Overall times after two days of testing:
The second day of testing saw more drama than had been hoped, with Max Neukirchner highsiding off during practice and suffering fractured vertebrae. But it also saw surprises in the timesheets as well. At the end of the day, it was not Michel Fabrizio who was fastest, as on the first day, but Jonathon Rea, the Ten Kate Honda rider getting faster throughout the session, taking over the lead as the end of the test approached. Rea's resurgence saw Fabrizio forced into second place, ahead of the Texan title rival Ben Spies. But Spies had to rely on his time from Wednesday for his standing in the times, as the Yamaha rider had been unable to improve on his time from the first day of testing.
Spies was beaten on Thursday by Lorenzo Lanzi, the Italian who has taken over the DFX Corse Ducati of Regis Laconi who was seriously injured in a crash at Kyalami, but Lanzi's time on Thursday was not good enough to edge out Spies' faster time from Wednesday.
John Hopkins finished the day sixth fastest, but the American was in some trouble. A near highsider on Wednesday afternoon left the American in pain during the night, and after riding in pain during the Thursday morning session, Hopkins decided to have an X ray done to see if he had caused any more damage to his leg. The X ray revealed that calcium was not building up correctly around the bones injured in his hip, and his doctors in the US diagnosed osteoporosis after receiving the X rays by email. The injury leaves Hopkins in doubt for next weekend's Brno round of World Superbikes: If Hopkins decides to ride and crashes, the consequences of a crash could be much more severe.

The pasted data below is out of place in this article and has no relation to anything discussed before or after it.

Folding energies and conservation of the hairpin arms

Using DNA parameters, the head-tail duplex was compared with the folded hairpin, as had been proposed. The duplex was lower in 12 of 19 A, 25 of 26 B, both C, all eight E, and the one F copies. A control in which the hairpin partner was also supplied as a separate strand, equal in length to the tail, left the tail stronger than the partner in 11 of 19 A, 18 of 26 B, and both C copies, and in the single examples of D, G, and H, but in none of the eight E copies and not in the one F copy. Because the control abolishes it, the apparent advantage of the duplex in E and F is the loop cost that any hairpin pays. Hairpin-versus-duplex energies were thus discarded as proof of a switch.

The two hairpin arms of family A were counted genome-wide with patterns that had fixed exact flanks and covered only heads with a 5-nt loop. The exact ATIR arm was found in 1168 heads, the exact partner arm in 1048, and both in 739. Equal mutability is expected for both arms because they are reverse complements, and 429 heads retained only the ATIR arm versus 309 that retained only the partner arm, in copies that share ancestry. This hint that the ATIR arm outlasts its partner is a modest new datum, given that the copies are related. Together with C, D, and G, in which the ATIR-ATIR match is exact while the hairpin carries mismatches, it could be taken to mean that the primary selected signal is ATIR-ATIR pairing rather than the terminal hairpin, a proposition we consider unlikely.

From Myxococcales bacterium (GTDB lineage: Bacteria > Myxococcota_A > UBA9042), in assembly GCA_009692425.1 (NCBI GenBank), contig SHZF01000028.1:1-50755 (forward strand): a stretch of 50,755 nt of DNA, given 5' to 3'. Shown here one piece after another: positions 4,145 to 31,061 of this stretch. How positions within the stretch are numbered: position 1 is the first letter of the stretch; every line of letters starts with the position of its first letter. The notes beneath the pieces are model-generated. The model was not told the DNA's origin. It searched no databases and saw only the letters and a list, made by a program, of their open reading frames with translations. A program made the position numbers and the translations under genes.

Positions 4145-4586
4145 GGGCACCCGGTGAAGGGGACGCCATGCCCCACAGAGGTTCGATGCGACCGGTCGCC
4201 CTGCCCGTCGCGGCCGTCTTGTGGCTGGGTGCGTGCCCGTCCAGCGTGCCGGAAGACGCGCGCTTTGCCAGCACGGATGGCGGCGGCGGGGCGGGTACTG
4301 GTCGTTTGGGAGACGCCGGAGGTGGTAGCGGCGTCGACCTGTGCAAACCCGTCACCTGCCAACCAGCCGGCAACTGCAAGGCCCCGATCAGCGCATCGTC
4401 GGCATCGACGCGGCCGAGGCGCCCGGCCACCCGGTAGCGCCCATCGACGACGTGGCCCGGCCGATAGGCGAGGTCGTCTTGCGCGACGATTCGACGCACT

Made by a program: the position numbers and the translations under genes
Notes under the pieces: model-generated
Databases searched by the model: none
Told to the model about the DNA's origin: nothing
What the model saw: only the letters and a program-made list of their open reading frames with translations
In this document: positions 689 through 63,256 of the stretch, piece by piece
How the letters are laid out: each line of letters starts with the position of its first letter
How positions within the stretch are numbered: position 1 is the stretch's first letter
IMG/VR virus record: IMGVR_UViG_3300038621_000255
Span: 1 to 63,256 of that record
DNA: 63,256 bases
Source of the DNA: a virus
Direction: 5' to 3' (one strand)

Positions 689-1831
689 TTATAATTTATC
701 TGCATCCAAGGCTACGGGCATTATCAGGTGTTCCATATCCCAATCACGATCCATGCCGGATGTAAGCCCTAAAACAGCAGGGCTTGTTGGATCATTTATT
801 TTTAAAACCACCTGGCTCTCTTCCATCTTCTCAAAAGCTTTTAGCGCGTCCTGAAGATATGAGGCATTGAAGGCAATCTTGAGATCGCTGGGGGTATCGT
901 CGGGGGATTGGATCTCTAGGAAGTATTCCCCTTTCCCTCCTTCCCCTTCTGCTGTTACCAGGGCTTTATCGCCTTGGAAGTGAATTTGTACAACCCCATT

Overal times from both days of testing:
Dani Pedrosa and Andrea Dovizioso will have a new engine to test at the Sachsenring. The Spaniard told the press conference at the German track that Honda had built a new engine to tame the power delivery of the RC212V. "We have one new engine. It is to improve the delivery of the power, because our engine is always very peaky and we have a lot of spinning in low gears. We want to try and avoid this and get better drive out of the corners," Pedrosa said. Both Pedrosa and especially team mate Andrea Dovizioso have complained all year that the Honda was too peaky, with Dovizioso being most vocal of the power delivery, labeling it as "too aggressive."